error in the entry in the apprentice book?
A Legassicke soldier, who settled in the Midlands
In 1782 a son was born to John Legassicke, a ‘drummer in the Wiltshire Regiment of Militia’, and his
wife Sarah née Shepherd, who were in Northallerton, Yorkshire, at the time. The boy was named
John. A certain John and Sarah Legassicke, presumably the same couple, had three further children in
Birmingham between 1788 and 1797, namely Anna Maria, Martha and Joseph. Did they also perhaps
have a son George, who married Mary Robinson, widow, in Birmingham in 1826?83 No further
1/717/11 & 12 (PWDRO)
The couple had a son, John, baptised in St. Olave, Southwark, in 1702/3. Were there other children?
George may have been a ‘sailor’, and may have died in Leicester in 1836, aged 29. His widow died in 1854.
©Richard G. Grylls, 2008
2nd Edition
details of this ‘family’ have been found, nor any discharge papers for the drummer. Also, no really
suitable West-country candidate for this John Legassicke has been identified as yet. However, there
are two very remote possibilities. Could the soldier have been born in Modbury in 1745, the son of
Henry, the clergyman – see TREE 3? No further records of this John after his birth have been found,
and he is not mentioned in any will. Another John was born in Modbury in 1756, son of Henry, the
cordwainer – see TREE 2. Though this John was mentioned in his father’s will (1803), nothing more
is known of him until his burial in Modbury in 1816. The names given to the drummer’s children do
not give clear clues, though the clergyman’s wife was named Martha.
Legassick(e)s in the London Area
Register entries listed on IGI present isolated ‘sproutings’ of the clan outside Devon and Cornwall,
though often in the form of a marriage without children, or children without a marriage. By no means
all originals of these entries have been examined – it is possible that an original marriage entry or two
might reveal the west-country origins of a ‘stray’ Legassicke. It is clear from certain census entries
that two tailors working in London in the first half of the 1800s had Devon roots – but more of them
The largest ‘sprouting’ of Legassicks outside Devon was in Deptford, Kent, nowadays considered part
of South London. However, the first couple to have children baptised in St. Paul’s, Deptford, one of
the two churches in Deptford, had married some way away. John Legassick married Edith Hilliard84
in 1748 at St. George’s Chapel, Hyde Park Corner. No London baptism has been found for John, so
did he stem from Devon? There were John Legassicks baptised in Dean Prior in 1720 and Holbeton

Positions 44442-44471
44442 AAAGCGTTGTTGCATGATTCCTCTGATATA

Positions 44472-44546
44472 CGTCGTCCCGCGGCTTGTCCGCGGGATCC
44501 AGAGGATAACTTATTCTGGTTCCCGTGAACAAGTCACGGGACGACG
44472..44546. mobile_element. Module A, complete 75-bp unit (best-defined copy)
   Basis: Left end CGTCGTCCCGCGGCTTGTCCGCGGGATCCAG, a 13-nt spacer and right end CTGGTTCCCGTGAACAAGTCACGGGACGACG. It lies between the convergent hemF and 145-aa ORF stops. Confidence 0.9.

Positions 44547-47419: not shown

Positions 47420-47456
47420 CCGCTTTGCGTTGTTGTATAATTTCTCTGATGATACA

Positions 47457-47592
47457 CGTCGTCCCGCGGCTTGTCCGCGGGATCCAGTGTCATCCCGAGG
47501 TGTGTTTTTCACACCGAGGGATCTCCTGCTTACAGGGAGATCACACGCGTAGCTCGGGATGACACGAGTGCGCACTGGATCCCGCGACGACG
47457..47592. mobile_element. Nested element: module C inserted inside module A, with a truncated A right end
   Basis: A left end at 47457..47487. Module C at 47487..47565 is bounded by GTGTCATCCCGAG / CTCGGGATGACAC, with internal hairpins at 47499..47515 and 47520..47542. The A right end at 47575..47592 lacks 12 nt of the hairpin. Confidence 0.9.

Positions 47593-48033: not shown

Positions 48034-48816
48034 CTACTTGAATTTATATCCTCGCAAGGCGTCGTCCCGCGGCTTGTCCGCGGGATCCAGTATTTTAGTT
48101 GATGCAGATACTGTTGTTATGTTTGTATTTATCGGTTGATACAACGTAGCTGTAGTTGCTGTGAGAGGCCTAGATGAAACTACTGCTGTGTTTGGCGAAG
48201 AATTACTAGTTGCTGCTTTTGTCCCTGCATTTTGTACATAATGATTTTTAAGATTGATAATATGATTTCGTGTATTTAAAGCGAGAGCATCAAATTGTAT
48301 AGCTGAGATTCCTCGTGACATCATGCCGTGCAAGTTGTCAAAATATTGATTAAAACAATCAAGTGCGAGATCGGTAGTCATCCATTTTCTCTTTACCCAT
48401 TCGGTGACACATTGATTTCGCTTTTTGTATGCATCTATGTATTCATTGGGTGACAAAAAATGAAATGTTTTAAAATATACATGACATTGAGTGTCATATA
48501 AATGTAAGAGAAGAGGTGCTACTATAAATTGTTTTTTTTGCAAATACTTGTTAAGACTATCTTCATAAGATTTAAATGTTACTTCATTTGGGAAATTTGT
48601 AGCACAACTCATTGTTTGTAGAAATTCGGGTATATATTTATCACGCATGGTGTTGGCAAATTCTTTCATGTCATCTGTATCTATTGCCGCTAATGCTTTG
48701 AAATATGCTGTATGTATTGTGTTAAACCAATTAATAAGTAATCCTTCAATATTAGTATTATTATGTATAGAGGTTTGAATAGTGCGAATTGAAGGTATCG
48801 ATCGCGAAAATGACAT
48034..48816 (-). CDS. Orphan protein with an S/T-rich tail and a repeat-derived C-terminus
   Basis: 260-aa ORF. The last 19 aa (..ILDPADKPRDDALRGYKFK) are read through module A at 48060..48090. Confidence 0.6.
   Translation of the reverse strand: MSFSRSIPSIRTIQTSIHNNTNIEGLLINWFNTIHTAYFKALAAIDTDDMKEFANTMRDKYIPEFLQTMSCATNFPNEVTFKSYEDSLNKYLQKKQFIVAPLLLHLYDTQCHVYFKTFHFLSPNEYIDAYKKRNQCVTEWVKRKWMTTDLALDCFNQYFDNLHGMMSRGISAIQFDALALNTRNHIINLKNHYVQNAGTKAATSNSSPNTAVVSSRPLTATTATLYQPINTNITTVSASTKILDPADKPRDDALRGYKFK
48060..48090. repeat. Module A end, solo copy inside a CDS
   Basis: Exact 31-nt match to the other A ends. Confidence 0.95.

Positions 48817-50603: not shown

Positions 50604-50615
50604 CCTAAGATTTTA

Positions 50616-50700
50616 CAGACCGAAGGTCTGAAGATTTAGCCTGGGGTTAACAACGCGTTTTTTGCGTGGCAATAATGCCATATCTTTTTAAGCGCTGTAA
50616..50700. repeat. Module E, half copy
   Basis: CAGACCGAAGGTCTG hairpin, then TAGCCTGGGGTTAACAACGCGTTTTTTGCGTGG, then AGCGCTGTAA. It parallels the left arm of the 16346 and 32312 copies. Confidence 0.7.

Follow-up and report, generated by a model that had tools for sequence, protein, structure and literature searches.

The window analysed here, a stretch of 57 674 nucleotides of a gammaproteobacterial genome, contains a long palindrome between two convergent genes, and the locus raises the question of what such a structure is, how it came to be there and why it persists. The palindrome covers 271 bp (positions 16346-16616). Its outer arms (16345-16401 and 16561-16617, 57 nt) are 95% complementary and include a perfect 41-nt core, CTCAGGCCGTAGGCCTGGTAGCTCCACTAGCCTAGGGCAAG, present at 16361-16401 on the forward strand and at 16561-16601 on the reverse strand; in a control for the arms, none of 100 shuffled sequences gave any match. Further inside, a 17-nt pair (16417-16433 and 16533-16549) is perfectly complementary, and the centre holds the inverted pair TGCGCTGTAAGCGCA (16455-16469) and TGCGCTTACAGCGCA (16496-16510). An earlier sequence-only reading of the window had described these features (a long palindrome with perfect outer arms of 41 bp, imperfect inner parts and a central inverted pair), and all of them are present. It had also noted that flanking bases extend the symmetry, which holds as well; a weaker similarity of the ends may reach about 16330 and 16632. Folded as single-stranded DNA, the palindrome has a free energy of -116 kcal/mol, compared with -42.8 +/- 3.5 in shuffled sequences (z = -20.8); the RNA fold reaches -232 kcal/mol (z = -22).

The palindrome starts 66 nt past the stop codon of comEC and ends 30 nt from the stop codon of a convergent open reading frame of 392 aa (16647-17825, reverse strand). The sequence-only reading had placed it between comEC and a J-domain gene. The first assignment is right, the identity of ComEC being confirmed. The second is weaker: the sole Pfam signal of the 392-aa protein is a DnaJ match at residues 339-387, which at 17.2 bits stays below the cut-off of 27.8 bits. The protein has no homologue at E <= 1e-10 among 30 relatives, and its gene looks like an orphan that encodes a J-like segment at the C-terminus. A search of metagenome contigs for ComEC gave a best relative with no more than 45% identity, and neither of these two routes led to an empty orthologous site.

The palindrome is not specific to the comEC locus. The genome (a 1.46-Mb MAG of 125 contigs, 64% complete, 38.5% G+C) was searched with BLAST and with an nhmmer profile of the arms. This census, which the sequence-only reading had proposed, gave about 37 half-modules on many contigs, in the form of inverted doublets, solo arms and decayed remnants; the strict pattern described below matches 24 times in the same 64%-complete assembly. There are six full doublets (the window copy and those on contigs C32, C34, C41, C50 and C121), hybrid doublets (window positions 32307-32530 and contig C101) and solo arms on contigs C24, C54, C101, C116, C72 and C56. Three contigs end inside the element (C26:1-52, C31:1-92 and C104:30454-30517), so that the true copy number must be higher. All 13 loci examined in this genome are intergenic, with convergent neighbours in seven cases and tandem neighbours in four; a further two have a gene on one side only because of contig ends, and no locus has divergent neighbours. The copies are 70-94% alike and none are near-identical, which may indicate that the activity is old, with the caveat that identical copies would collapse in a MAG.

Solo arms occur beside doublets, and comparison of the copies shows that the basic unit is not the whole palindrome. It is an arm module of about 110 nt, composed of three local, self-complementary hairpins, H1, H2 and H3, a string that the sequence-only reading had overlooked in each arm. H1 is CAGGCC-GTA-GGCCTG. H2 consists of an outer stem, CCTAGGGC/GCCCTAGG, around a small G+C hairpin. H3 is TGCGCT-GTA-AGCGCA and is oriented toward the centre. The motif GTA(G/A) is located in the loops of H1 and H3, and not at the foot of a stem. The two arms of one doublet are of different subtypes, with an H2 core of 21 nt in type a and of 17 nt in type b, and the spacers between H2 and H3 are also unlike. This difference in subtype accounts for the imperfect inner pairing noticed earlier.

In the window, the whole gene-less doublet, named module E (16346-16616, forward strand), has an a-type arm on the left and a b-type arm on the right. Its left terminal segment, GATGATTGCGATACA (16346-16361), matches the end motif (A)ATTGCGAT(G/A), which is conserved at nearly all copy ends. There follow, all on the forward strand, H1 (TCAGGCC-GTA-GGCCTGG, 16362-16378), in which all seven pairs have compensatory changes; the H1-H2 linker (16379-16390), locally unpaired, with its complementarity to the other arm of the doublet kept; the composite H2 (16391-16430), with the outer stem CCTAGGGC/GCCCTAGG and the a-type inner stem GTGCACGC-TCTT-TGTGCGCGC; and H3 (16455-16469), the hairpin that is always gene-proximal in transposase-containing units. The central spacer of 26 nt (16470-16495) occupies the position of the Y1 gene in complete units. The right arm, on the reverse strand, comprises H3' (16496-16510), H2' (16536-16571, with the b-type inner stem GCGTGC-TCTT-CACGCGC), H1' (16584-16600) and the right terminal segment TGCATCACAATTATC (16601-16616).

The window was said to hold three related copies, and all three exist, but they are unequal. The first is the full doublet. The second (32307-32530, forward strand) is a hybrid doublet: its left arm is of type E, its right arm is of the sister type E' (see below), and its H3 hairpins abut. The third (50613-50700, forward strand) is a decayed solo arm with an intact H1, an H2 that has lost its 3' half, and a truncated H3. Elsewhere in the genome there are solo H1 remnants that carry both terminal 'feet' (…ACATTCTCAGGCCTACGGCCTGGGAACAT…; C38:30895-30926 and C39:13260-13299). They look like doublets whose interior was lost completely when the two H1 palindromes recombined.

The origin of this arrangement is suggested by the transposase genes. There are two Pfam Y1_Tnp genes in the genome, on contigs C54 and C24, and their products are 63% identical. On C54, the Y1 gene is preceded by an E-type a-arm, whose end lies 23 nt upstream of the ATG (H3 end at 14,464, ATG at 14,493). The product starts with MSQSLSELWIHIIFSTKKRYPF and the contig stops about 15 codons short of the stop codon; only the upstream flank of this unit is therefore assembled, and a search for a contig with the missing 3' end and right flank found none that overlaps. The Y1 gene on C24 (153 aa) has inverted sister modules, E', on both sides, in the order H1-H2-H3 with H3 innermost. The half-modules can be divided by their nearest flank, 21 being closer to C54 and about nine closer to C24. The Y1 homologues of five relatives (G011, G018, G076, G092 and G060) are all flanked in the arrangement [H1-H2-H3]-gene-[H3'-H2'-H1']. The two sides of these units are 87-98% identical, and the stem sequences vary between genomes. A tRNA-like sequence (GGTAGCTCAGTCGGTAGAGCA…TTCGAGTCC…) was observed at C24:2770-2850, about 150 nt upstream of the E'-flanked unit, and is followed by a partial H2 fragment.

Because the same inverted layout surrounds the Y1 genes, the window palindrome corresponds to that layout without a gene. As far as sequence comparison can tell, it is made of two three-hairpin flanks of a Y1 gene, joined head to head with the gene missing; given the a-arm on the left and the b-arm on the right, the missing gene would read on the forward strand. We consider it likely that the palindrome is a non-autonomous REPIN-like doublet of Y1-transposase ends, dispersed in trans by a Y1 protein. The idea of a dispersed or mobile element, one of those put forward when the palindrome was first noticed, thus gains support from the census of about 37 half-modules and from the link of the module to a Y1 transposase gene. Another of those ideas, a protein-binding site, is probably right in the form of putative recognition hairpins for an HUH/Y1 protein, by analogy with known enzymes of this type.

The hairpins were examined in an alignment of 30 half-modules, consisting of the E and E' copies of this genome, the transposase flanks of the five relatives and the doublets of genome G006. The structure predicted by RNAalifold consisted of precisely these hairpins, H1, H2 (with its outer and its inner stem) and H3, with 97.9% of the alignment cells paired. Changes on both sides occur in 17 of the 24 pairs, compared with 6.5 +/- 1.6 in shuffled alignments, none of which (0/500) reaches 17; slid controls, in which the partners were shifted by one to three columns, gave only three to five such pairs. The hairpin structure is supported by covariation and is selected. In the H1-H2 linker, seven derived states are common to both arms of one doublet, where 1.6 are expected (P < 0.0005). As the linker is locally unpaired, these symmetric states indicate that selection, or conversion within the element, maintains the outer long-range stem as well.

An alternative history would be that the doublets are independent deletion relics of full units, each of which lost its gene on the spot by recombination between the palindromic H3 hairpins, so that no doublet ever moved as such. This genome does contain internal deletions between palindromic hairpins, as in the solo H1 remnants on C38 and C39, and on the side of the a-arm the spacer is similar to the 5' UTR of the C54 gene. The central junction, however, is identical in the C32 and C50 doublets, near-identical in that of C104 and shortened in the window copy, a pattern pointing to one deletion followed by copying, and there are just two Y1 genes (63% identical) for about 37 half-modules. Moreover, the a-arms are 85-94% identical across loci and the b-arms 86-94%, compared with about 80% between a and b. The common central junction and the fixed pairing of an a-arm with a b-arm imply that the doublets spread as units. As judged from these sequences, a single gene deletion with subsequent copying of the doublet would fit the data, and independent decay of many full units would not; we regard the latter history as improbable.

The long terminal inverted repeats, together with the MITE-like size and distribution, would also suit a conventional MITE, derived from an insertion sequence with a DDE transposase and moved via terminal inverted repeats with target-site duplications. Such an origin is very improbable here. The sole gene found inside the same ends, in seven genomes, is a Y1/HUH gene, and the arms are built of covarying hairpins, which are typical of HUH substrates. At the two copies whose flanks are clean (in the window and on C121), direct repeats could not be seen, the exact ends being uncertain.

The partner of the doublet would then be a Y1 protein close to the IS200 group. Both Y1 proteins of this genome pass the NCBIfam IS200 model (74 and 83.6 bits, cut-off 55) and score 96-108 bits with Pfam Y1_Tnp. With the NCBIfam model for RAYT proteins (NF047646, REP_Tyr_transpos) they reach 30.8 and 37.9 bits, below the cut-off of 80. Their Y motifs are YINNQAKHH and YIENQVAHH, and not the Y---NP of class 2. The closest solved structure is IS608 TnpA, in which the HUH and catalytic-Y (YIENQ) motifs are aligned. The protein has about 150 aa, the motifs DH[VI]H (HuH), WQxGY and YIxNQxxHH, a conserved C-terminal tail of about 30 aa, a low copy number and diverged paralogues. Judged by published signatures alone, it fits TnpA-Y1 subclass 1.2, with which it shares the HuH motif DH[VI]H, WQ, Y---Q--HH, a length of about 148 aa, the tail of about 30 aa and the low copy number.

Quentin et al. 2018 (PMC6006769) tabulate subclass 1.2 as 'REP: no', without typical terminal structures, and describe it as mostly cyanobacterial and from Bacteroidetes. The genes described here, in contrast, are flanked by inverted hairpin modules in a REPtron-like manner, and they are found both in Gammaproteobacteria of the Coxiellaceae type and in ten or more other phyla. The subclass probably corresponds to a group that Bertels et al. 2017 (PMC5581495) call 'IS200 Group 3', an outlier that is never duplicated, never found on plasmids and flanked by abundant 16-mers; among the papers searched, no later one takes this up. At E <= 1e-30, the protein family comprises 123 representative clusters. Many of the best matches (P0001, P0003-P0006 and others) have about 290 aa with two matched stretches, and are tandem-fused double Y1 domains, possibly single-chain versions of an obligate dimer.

in 1726, who have not been accounted for. Might this Deptford John Legassick have been one of
them? John and Edith Legassicke almost certainly had children named John, William and Elizabeth
somewhere in London before they moved to Deptford, where they then had children named Joseph,
Mary and Thomas. The two daughters married in Deptford, St. Paul, while the sons married in
Greenwich, Newington, Twickenham and elsewhere.
The father, John Legassicke Snr. (d.1792 Deptford?), appears in Admiralty documents in 1767/8. He
seems to have worked for the Royal Navy, supplying them with ‘wedges and treenails’. However, he
found himself short of work, so set up a public house. The Navy promptly sacked him. It appears
that he managed to continue supplying wedges and treenails.85 His third son, Joseph (1757-1794), a
‘carpenter’, was listed in sundry Admiralty documents between 1782 and 1786.86 He died, leaving a
very uninformative will, aged only 37. John’s eldest son, John (c.1751/2-1809), obviously followed
in his father’s ‘secondary’ footsteps. In his equally uninformative will he described himself as a
‘victualler of Deptford’.
The victualler married twice and seems by his two wives to have had three daughters and two sons.
Two of the daughters (Charlotte, b.1781, and Mary Ann, b.1793) married at Deptford, St. Paul, while
the third (Ann, b.1800) probably married in Erith. The eldest son, John (b.1777) must have died
young. The second son, also named John (1792-1875), kept up the food (but not drink) tradition in
the family by becoming a butcher. By his wife Elizabeth, whom he must have married in about 1820,
he had six children, in Shoreditch, then Stepney and then Limehouse. By 1841 he was living (and
presumably working) in Gill Street, Limehouse, with his wife and three of his children.87 Their one
daughter, Elizabeth (b.1822) married John Newson, an engineer of Poplar, and had at least three
children. John and Elizabeth’s four surviving sons all became butchers, all married and all had
families. One of the sons, Benjamin (b.1829) emigrated to Canada and has many descendants still
living there. John, Benjamin’s father, the Limehouse butcher, eventually retired, and moved with his